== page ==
The Texas federal district court hearing the lawsuit filed by two trade groups challenging the CFPB’s final payday/auto title/high-rate installment loan rule (Payday Rule) entered an order on August 6 that once again continues the stay of the lawsuit and the August 19, 2019 compliance date for both the Payday Rule’s ability-to-repay (ATR) provisions and

The CFPB and the two industry trade groups that filed a lawsuit in a Texas federal district court challenging the CFPB’s final payday/auto title/high-rate installment loan rule (Payday Rule) filed a new status report with the court on August 2.

The status report references the CFPB’s proposal to revise the Payday Rule to rescind the

In this week’s podcast, we take a close look at the CFPB payday loan rule’s payment provisions that could become effective as early as this August if the current court stay is lifted.  After reviewing the limits and disclosures mandated by the payment provisions, we explain why the provisions are deeply flawed and discuss the

The CFPB has issued a final rule delaying the compliance date for the ability-to-repay (ATR) provisions in its final payday/auto title/high-rate installment loan rule (Payday Rule) for 15 months, until November 19, 2020.

The Supplementary Information accompanying the final rule expressly states that the Bureau is not delaying the August 19, 2019 compliance date for

The Texas federal district court hearing the lawsuit filed by two trade groups challenging the CFPB’s final payday/auto title/high-rate installment loan rule (Payday Rule) entered an order yesterday that once again continues the stay of the lawsuit and the August 19, 2019 compliance date for both the Payday Rule’s ability-to-repay (ATR) provisions and its payment

A group of 24 Democratic state attorneys general and the D.C. attorney general have submitted a comment letter to the CFPB setting forth their opposition to the CFPB’s proposal to delay the compliance date for the ability-to-repay (ATR) provisions of its final payday/auto title/high-rate installment loan rule (Payday Rule).  They conclude their letter by threatening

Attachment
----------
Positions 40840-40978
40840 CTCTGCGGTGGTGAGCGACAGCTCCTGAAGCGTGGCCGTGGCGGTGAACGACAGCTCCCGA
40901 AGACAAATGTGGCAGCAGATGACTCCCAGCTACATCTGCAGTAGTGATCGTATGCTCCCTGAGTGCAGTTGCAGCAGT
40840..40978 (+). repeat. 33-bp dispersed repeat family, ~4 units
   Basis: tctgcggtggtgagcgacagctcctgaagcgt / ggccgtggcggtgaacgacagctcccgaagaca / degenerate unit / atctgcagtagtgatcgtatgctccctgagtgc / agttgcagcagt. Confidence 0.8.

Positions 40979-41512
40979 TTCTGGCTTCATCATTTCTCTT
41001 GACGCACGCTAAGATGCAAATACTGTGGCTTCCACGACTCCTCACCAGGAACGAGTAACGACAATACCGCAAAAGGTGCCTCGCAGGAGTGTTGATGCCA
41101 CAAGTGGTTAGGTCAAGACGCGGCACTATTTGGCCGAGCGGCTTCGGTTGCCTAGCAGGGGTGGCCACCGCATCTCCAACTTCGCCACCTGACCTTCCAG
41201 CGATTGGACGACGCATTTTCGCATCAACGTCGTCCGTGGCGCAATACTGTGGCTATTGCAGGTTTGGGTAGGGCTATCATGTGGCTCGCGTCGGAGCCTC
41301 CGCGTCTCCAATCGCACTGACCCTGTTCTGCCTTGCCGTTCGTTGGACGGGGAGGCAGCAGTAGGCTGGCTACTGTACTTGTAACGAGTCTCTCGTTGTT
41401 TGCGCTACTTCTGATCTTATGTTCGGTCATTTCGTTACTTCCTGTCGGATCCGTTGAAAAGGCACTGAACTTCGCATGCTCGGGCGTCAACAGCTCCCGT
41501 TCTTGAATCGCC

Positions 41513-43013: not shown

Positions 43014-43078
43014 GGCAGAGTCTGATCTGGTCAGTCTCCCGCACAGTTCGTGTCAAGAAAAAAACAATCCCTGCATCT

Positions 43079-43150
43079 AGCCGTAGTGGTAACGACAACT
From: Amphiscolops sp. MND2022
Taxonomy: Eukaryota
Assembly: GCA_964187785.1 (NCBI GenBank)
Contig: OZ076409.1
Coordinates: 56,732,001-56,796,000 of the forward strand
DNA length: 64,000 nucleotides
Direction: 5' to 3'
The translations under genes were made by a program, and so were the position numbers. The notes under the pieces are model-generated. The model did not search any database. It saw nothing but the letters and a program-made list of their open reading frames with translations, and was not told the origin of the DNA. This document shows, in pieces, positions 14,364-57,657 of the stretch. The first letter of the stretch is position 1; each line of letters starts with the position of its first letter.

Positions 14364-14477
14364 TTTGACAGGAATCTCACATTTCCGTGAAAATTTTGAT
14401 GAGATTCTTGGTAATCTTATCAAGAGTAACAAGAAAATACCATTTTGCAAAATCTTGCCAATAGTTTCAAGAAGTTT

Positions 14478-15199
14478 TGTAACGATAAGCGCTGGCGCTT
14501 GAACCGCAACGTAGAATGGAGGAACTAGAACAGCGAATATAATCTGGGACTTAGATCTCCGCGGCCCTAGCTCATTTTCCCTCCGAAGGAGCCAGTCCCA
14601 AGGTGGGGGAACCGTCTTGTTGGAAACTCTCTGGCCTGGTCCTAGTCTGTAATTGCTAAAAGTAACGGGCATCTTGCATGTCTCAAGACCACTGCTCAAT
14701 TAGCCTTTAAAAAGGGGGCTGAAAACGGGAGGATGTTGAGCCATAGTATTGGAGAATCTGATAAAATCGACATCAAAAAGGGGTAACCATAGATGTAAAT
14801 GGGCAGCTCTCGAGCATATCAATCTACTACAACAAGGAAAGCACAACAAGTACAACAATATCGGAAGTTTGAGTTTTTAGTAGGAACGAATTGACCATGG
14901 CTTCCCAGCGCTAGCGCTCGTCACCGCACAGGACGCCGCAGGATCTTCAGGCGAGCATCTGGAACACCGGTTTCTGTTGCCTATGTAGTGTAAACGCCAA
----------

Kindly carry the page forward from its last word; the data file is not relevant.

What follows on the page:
The Texas federal district court hearing the lawsuit filed by two trade groups challenging the CFPB’s final payday/auto title/high-rate installment loan rule (Payday Rule) entered an order yesterday continuing the stay of the lawsuit and the August 19, 2019 compliance date for both the Rule’s ability-to-repay (ATR) provisions and its payment provisions.  The order directs

The CFPB’s proposal to revise its final payday/auto title/high-rate installment loan rule to rescind the rule’s ability-to-repay (ATR) provisions in their entirety and its proposal to delay the compliance date for the ATR provisions until November 19, 2020 were published in today’s Federal Register.  The CFPB’s proposals would leave unchanged the rule’s troublesome payment

Comptroller of the Currency Joseph Otting issued a statement today in support of the CFPB’s proposal that would rescind in their entirety the ability-to-repay (ATR) provisions in its final payday/auto title/high-rate installment loan rule.  (The CFPB has also proposed to delay the mandatory compliance date for the ATR provisions until November 19, 2020 but took